With the simplicity of HCI architectures mentioned above, it’s no surprise that these infrastructures reduce the probability that the backup process will fail. Compared to traditional infrastructures, HCIs offer a faster way to fail over data in an event of the disaster than any other solution.

In fact, most of the HCI baseline solutions include a comprehensive backup and recovery capability that can enable extremely short RTO windows. This eliminates the need for third-party data protection and ensures that your virtual machines are always available.

4. Scale-Out Benefits

Hyperconverged infrastructures are implemented across multiple servers or nodes that turn separate storage, server and virtualization assets into a single scale-out architecture. Through their scale-out node-based architecture, hyperconverged infrastructures provide valuable capabilities enabling network administrators to easily copy data in a cluster or between sites as well as implement storage at the virtual machine or instance level. HCI nodes can be geographically dispersed to ensure against the failure of a single rack or the entire data center. As data gets distributed across multiple nodes, the impact of moving VMs from one location to another is minimal.

5. Software-Defined Benefits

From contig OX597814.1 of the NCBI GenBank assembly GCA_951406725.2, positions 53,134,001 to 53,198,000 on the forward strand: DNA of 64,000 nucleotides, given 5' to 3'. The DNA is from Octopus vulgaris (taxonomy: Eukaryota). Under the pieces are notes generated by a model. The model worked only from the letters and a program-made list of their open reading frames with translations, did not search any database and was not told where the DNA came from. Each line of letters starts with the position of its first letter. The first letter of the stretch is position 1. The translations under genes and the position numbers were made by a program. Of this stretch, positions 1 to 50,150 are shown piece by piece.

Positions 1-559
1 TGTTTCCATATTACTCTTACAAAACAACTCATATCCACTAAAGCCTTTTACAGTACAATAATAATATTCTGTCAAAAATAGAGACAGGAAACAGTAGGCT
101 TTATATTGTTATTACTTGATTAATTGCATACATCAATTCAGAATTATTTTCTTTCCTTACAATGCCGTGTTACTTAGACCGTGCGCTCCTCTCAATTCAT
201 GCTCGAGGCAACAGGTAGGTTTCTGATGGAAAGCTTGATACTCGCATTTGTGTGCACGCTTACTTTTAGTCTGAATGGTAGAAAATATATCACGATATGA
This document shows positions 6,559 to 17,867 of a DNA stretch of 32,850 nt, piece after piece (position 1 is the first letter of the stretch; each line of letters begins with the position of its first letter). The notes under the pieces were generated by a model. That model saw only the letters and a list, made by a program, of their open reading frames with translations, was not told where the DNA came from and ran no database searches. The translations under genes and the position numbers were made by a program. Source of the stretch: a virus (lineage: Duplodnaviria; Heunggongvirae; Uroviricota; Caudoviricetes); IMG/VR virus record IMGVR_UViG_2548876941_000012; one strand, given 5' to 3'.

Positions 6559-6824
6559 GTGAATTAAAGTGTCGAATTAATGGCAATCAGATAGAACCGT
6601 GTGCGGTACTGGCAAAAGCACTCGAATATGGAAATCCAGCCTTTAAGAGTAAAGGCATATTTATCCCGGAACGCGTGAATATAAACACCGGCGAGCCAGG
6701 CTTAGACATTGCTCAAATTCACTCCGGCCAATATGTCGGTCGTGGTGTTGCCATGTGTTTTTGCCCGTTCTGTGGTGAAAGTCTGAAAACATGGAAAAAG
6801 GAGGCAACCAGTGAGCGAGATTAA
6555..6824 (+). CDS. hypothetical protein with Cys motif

By nature, hyperconverged infrastructures are software-defined and provide a centralized control interface that automatically routes traffic in the way that best utilizes resources and accommodates changing workloads.

The software-defined aspect makes HCI applications hardware agnostic, so they can be moved from one VM to another with minimal performance impact. Traditional virtualization can do that as well, but replicating a VM with traditional solutions requires shared storage with multiple arrays which are less efficient than the HCI storage layer.

Conclusion

Hyperconverged infrastructures perform disaster recovery replication to a secondary location without having to rely on expensive hardware. They significantly reduce downtime and DR costs while simplifying the entire process. If your organization’s goal is to stay ahead of the curve and protect mission-critical data from unexpected events, HCI solutions should be your next big step to take.

5nine Cloud Manager solves business continuity and disaster recovery challenges in Hyper-V and Azure environments by offering a seamless process of replicating VMs, simplified networking with SDN management and more. Discover full benefits of 5nine Cloud Manager with a free 14-day trial.

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Maria Talley

Maria Talley

Maria is a strategic marketer who brings over a decade of digital marketing experience to 5nine. As a software industry insider, she brings a fresh voice and insight into content development projects at 5nine. Maria enjoys making complex topics accessible and engaging to various audiences by addressing their pain points and tailoring solutions that help IT professionals optimize and streamline their business processes.